Newspaper Page Text
Bellefonte, Pa., June 13, 1924.
NEWS ABOUT TOWN AND COUNTY.
The Last Resort tea room will
be open on Sundays till eight p. m.,,
serving dinner from 12 to 2. 24-1t
——The mercantile appraisement
for Centre county will be found on
the seventh page of today’s “Watch-
——An infected pimple on his lip
proved quite serious to Jay T. Storch,
who has been housed up all week as
the result thereof.
The Bellefonte Lodge of Elks
will hold Flag day exercises at their
home on High street tomorrow (Sat-
urday) evening, to which the public
The treasurer’s sale of seated
and unseated lands was held at the
court house ori Monday, but so many
of the owners came in and paid their
back taxes that comparatively few
tracts were offered for sale.
——The State geographical board
has decided that Centre county shall
be spelled “Centre” and not “Center;”
so that settles the question so far as
those who have not spelled it “Cen-
tre” heretofore are concerned.
——The Centre County Association
of Philadelphia will hold its twenty-
first annual picnic on Saturday after-
noon, June 21st, at Belmont Mansion,
Fairmount park. It will be a basket
picnic and all Centre countians and
their friends are urged to attend.
——F. W. West, of the F. W. West
Co., furniture dealers and undertak-
ers, went out to Piqua, Ohio, on
Tuesday of last week and brought to
Bellefonte on Friday evening a new
Media hearse, of the limousine type,
which gives him an equipment second
to none in Central Pennsylvania.
——Three men from Lewistown
ran into the “Stop, Look and List-
en ” post near Dale’s Summit on
Wednesday evening, twe of them be-
ing more or less injured. Wallace
Moore, one of the three, was brought
to the Bellefonte hospital where his
injuries were given proper attention
and he was able to leave the institu-
tion yesterday morning. The car was
pretty badly wrecked.
——The following was taken from
the society news of one of the New
York papers: “Mrs. H. Bellringer, of
Parkview avenue, Hollis Park Gardens,
will give a bridge party at her home
on June 18th, assisted by the members
of the Delphian Society, of which she
is president. The proceeds will be
sent to the Capitol Theatre Broadcast-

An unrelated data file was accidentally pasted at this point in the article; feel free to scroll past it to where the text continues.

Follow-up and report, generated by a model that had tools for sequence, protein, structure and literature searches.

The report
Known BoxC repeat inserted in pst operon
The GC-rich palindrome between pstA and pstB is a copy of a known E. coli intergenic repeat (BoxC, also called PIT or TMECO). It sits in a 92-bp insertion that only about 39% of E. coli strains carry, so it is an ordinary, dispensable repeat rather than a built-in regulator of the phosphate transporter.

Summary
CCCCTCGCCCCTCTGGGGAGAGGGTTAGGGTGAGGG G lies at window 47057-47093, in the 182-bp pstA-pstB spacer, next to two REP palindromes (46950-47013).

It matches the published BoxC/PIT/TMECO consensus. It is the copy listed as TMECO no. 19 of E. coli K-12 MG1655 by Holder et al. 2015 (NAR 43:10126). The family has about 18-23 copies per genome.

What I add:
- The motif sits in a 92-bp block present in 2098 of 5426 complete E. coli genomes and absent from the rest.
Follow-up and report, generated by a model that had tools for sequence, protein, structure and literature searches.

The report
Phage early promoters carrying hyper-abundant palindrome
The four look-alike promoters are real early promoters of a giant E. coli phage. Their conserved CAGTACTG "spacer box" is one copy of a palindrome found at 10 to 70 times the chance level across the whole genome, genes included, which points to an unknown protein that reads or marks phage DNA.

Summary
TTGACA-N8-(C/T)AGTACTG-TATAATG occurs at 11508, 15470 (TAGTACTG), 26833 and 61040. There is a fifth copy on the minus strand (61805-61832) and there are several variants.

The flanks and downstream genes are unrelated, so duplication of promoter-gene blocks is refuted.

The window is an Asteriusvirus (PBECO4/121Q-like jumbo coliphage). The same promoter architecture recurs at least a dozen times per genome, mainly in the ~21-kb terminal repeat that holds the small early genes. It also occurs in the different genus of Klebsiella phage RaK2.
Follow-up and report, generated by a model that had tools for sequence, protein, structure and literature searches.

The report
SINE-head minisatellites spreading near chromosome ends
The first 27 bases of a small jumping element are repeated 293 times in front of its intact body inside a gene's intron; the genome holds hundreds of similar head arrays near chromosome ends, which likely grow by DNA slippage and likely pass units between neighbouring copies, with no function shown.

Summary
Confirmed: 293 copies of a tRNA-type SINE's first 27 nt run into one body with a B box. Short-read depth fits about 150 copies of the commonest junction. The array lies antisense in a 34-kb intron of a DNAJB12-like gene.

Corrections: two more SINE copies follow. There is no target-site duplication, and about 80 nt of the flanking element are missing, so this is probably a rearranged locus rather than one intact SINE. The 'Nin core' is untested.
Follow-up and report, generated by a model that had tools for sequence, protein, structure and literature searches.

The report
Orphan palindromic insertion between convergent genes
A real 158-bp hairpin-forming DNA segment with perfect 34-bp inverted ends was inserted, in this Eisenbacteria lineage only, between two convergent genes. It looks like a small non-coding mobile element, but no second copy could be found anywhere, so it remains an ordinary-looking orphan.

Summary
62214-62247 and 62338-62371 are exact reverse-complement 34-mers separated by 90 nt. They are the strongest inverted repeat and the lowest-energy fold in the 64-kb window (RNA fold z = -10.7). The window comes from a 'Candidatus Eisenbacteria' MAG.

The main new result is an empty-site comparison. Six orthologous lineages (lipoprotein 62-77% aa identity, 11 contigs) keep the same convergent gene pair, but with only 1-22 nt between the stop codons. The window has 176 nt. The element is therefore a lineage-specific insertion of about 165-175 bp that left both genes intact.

ing station, Manhattan, for the bene-
fit of the fund to procure radio sets
for the disabled soldiers in hospitals.
Mrs. Bellringer is well known here as
Miss Mary Sourbeck, only daughter
of John D. Sourbeck.
——Jack Decker Jr., of the class of
'24, Penn State, only son of Mr. and
Mrs. J. M. Decker, of Bellefonte,
eaves college with a record any stu-
dent might envy. Graduating in met-
allurgy and third in the school of
mines, he was among the second hon-
or men, a member of the student
council of the Blue Key, the Sigma
Nu and Sigma Alpha Epsilon socie-
ties, the latter two honorary societies,
and the Alpha Chi Sigma fraternity.
Jack goes immediately to Perth Am-
boy, N. J., to be with the American
Smelting and Refining company.
——A double dwelling house and a
single house, at Morristown, owned
by the American Lime & Stone com-
pany, and occupied by three families
of foreigners, were almost complete-
ly destroyed by fire on Wednesday
night. The Undine fire company re-
sponded to a call for help but by the
time it arrived upon the scene of the
fire the houses were doomed. One
man claims to have had $700 in cash
in the house and as the origin of the
fire is not definitely known he believes
the money to have been stolen and the
house set on fire to cover the robbery.
——Paul Jones, the sixteen year
old Punxsutawney youth who on May
3rd carelessly shot and killed William
Steffy, grand-son of William Young,
of Bellefonte, has been held for trial
in the Jefferson county court on the
charge of involuntary manslaughter.
It will be recalled that young Steffy
was driving an oil tank on the out-
skirts of Punxsutawney and on the
dare of another youth young Jones
shot at the tank in an effort to punc-
ture it and see the oil run out, but
missed the tank and shot Steffey
through the heart, killing him instant-
ly. t A ;
* — During the latter part of last
week James Mitchell Thompson, the
nine month’s old child of Rev. and
Mrs. William C. Thompson, of Belle-
fonte, became quite ill and the attend-
ing physician finally diagnosed the
trouble as some foreign substance
either in the windpipe or lung. By
Sunday the child’s condition was such
that Rev. Thompson cancelled his
evening services in the Presbyterian
church and with Mrs. Thompson and
the child left on the night train for
Philadelphia to consult a specialist.
By using a powerful X-ray the latter
was able to locate the trouble, which
was in the right lung and an operation
was performed as soon as possible.
The foreign substance proved to be
a small portion of stem and one of
two petals of a flower very much re-
sembling the daisy. The child had
evidently inhaled the substance while
on the floor and being unable to ex-
pel it gradually drew it down into
the lung. The operation for its re-
moval was successful and latest word
from Philadelphia is that the little
boy is getting along as well as can be
| HOSPITAL MERGER MEETING.
| New Board of Trustees Elected and
i So far as name goes the Bellefonte
hospital is now a matter of history and
in the future this well known institu-
tion will be known as the Centre
County Hosptal, in accordance with
the action of a public meeting held in
the court house, Bellefonte, on Mon-
.day evening. Notwithstanding the